Politicians in Congress are currently in a staredown over the debt ceiling. Lawmakers must reach an agreement soon to allow the government to meet its payment obligations for Social Security, tax credits and military salaries, among other items.
Treasury Secretary Janet Yellen warned that the Treasury will likely run out of ways to pay its bills at some point in October.
Democrats want to suspend or increase the debt limit through legislation. However, Senate Minority Leader Mitch McConnell, R-Ky., has said that Democrats need to find a way to pass it without any support from the GOP.
Democrats argue that raising the ceiling will simply allow the U.S. Treasury to pay for spending and tax cuts that were greenlit during the Trump administration, while Republicans say they won't help lift the debt limit because of the Democrats' $3.5 billion spending plan. Suspending or increasing the limit does not authorize any new spending.
The Republican opposition may force Democrats to lift the ceiling on their own as part of the spending package, which they plan to pass without the GOP through budget reconciliation. The process requires only a simple majority in the Senate split 50-50 by party.
So what does all this mean for you? Here's what the debt ceiling is and how a failure to raise it could have far-reaching effects in the economy.
What is the debt ceiling?
Put simply, the debt ceiling is the maximum amount of money that the U.S. Treasury can borrow in the form of bond sales. This money is used to pay for a wide-ranging number of financial obligations each month, including Social Security payments, Medicare reimbursements and other programs like tax refunds.
Without congressional permission to continue taking out debt — which is necessary because the government spends more money than it takes in via taxes — the Treasury can't continue to fund its obligations.
The debt limit has been regularly increasing since it was first introduced in 1917, and since 1960 the debt ceiling has been in some way raised or suspended 78 times under presidents from both parties, according to the Treasury's website.
It is currently suspended, and the Congressional Budget Office estimated in July that it needs to be raised from $22 trillion to $28.5 trillion. The Treasury also says that to fail to raise the ceiling, and as a result allow the government to default on its debts, "would have catastrophic economic consequences."
"[The debt ceiling] is a century-old attempt to restrain federal spending," Bankrate analyst Mark Hamrick tells CNBC Make It. "[Raising the ceiling] is a necessary step to allow the Treasury to effectively engage in the expenditures which have already been approved by two branches of government."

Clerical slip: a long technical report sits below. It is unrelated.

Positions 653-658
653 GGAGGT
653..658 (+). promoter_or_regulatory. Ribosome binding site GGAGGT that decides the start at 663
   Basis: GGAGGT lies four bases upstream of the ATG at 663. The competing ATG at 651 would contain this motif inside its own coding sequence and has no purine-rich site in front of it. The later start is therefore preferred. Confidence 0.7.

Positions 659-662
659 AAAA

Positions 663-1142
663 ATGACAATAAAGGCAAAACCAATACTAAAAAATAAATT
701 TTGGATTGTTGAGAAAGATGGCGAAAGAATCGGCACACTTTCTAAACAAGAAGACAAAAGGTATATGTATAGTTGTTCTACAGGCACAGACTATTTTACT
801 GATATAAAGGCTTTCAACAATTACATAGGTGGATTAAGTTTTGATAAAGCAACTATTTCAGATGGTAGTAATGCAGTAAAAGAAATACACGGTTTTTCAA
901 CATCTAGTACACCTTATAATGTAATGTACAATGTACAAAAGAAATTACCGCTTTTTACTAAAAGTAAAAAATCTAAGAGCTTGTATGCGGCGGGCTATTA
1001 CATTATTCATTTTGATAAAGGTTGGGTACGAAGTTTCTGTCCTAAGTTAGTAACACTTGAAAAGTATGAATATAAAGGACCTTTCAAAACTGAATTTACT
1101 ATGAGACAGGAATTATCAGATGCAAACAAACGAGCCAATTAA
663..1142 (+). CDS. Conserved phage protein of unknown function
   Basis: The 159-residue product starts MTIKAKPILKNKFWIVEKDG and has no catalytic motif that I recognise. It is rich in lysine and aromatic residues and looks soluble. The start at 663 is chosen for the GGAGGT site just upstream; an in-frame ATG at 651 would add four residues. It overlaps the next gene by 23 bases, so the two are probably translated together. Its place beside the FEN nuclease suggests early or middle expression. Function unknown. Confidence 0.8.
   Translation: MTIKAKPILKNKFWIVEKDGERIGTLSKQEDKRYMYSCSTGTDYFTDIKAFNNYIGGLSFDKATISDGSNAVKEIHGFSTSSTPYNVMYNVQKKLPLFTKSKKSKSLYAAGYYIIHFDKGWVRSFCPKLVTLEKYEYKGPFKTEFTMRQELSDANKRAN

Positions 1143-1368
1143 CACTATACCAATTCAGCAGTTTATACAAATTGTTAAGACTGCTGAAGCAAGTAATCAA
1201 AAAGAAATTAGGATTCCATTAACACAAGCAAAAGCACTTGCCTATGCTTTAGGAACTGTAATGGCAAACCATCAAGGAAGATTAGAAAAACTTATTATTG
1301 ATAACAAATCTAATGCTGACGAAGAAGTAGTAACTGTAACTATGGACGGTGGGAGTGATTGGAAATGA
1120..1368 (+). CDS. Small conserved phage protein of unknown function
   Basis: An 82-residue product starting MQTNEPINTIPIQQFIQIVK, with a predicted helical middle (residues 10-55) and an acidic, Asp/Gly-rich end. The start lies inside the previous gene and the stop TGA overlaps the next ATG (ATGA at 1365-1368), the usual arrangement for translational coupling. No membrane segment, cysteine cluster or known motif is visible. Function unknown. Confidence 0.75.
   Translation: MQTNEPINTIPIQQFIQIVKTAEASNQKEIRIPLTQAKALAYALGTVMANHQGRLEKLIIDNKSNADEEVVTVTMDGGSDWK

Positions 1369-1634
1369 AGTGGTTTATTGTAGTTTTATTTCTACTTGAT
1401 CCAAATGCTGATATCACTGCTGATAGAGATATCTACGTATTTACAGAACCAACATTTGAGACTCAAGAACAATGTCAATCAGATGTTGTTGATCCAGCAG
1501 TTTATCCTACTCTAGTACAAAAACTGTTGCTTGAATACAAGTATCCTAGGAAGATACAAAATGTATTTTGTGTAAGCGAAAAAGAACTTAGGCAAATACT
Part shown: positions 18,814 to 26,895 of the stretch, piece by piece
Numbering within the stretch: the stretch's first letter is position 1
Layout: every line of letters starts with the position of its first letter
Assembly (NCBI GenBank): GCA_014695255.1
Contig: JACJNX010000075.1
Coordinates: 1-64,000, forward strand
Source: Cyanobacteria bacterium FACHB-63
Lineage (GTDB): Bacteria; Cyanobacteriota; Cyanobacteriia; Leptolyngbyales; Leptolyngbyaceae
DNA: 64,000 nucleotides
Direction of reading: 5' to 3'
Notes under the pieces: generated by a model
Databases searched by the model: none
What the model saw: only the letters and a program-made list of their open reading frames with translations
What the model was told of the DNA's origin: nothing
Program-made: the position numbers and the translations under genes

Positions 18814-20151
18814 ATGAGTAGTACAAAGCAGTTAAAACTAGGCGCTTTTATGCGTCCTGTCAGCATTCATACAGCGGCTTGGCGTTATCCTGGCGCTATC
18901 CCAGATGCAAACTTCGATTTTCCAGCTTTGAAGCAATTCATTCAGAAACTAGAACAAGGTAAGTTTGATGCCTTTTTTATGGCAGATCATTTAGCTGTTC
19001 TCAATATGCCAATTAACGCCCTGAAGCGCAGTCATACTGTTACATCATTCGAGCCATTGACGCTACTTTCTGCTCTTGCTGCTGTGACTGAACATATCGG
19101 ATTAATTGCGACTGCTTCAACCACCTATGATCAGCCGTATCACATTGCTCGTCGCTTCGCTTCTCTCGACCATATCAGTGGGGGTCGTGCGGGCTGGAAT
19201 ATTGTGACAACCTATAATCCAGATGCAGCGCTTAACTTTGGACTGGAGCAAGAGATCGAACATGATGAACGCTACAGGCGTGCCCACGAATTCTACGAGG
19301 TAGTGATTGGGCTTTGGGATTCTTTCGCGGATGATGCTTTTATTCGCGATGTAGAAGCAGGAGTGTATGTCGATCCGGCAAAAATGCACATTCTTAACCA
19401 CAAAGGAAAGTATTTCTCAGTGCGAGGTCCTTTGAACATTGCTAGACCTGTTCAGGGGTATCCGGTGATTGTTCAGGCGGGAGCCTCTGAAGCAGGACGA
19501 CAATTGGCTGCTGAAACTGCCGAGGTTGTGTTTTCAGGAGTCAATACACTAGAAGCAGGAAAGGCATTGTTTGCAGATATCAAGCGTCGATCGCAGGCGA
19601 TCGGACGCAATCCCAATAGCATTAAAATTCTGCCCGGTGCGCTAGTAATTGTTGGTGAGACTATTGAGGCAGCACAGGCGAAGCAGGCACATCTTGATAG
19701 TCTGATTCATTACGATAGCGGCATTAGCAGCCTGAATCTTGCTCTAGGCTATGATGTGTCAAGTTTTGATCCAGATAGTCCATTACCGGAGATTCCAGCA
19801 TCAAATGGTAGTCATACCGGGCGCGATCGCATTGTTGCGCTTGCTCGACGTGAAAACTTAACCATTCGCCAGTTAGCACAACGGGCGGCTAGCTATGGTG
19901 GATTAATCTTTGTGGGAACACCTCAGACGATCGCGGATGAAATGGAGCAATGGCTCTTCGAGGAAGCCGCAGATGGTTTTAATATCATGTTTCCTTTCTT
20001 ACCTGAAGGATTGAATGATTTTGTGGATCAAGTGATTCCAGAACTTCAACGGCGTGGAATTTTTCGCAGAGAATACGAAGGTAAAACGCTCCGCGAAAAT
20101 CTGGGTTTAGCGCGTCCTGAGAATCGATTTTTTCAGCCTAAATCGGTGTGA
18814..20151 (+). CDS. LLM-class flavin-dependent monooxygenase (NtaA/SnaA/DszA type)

What happens if the government defaults?
If the government fails to suspend or raise the debt limit, the Treasury will be unable to raise the cash to pay its obligations. The U.S. has never defaulted on its debt before. Yellen said she was "confident" that the issue would be addressed in a recent Wall Street Journal opinion piece.
However, Yellen wrote that failing to do so would likely create "a historic financial crisis" that would result in "billions of dollars of growth and millions of jobs lost."
Other experts agree that defaulting would have wide-ranging effects throughout the economy.
"It would be very disruptive for the banking system, for the financial system," says Andrew Mies, founder and chief investment officer at wealth management firm 6 Meridian. That's partly because banks are large owners of Treasury securities, he adds.
In a fact sheet released earlier this month, the White House warned that a failure to raise the debt ceiling would cause unemployment to rise "and the labor market could lose millions of jobs."
When the country came close to a default on its debt in 2011, the S&P 500 sank more than 18%. But it's not just the markets — other operations that rely on government funding would also slow down or be closed entirely. Child tax credit payments could stop being sent, along with other services like food stamps and Social Security.
"Any venues that people use for public performances and concerts would get shut down," Mies says. "If you're waiting to get a passport, that would get slowed down. Any processing of any federal documents would get slowed down."
Beyond government operations being impacted, businesses that provide services for the government would suddenly see that cash flow dry up, Hamrick says.
"The federal government is essentially a huge customer in the broader economy," he says. "If the federal government stops paying on things, that means there will be all kinds of businesses that are all of the sudden facing a liquidity crunch of their own and the risk of business failure."
This business failure, in turn, can result in lost income for American workers. And depending how long the government's spending is cut off for, it might spell trouble for millions of jobs.
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